Yanai Toister (Ph.D.) is an artist, writer and educator. Having studied and worked in 4 continents he now serves as Director of the Unit for History and Philosophy at the Shenkar College of Engineering, Design and Art in Israel. Toister’s artworks have been shown in numerous solo and group exhibitions (including Sandroni.Rey, Los Angeles; Dvir Gallery, Tel Aviv; Kunstahalle Luzern, Switzerland; Bolsky Gallery, Otis College of Art and Design, Los Angeles; Maison Europèenne de la Photographie, Paris; the 11th International Architecture Exhibition at the Venice Biennale; Kunstmuseen Krefeld, Haus Lange, Krefeld, Germany; Israel Museum). Toister’s writing has been published in various books and journals (including: Philosophy of Photography; Journal of Science and Technology of the Arts; Mafte’akh Lexical Review of political Thought; Ubiquity; Photographies; Journal of Visual Art Practice). Toister’s book Photography from the Turin Shroud to the Turing Machine has recently been published in by Intellect/University of Chicago Press.
Articles of Yanai Toister
Slouching Towards the Abyss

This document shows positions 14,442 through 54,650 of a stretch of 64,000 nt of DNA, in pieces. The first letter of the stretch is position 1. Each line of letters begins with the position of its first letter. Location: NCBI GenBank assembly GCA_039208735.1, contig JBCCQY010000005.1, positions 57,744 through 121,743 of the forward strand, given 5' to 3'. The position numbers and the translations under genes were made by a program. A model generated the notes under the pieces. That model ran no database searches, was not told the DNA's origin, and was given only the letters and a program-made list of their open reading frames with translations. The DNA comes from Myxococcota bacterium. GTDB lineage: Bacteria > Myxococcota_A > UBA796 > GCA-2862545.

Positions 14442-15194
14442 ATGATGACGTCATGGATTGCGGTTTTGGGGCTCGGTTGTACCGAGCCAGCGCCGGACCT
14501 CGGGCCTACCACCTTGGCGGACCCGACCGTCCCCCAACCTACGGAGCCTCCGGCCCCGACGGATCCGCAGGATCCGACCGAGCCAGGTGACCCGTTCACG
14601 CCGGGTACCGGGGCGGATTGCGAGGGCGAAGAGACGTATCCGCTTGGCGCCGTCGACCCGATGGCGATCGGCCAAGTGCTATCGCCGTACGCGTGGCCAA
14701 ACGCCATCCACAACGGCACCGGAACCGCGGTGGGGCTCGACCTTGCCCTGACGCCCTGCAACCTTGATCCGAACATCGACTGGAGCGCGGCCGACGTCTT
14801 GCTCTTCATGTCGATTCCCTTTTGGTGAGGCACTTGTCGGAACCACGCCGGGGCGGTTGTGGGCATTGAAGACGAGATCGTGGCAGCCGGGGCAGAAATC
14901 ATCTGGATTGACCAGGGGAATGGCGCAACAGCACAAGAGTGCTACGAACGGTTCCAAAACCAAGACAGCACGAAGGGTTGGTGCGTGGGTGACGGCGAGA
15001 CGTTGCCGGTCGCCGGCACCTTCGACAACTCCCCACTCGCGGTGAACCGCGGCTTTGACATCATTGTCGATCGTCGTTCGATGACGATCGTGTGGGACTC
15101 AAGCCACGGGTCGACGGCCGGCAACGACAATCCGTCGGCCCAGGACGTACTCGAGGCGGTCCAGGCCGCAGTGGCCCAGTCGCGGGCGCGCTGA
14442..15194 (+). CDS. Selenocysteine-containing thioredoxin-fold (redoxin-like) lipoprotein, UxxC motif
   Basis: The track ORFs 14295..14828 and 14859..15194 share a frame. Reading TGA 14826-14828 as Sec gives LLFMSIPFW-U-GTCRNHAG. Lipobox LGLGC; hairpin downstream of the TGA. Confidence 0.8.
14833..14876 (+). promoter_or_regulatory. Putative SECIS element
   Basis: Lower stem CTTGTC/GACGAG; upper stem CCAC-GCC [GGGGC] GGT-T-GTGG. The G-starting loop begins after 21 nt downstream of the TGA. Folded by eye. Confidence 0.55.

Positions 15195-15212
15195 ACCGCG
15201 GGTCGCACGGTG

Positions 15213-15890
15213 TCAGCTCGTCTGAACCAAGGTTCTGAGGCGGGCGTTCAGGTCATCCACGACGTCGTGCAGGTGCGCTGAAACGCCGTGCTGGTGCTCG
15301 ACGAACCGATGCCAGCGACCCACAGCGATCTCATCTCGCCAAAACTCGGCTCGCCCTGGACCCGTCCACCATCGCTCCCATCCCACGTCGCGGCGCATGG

Design theory is a somewhat new sub-discipline in which Flusser’s legacy remains largely unnoticed or perhaps overlooked. This is especially disappointing since his theoretical musings on design and applied theory are of extreme relevance to design scholars and practitioners alike. Flusser’s ability to perceive theoretical vistas of our material surroundings add an interesting layer to his overall perception of the human condition. What’s more, his tendency to navigate between etymology, socio-cultural aspects and everyday phenomena represents an almost exact definition of contemporary design. In this paper we tackle two major issues. Firstly, Flusser’s ability to cut back and forth between languages as a means to discuss various types of subject-matter, which we term the “linguistic chameleon” ability. Secondly the unique trait of sleep - its inability to “be designed”, leaving each of us to fend for ourselves, navigating the night’s terrors. The two issues are bound together, or perhaps navigated through, in discussion on Hebrew which, despite its frugality, is arguably the most suitable language to tackle the physiological (and psychological) process of sleep.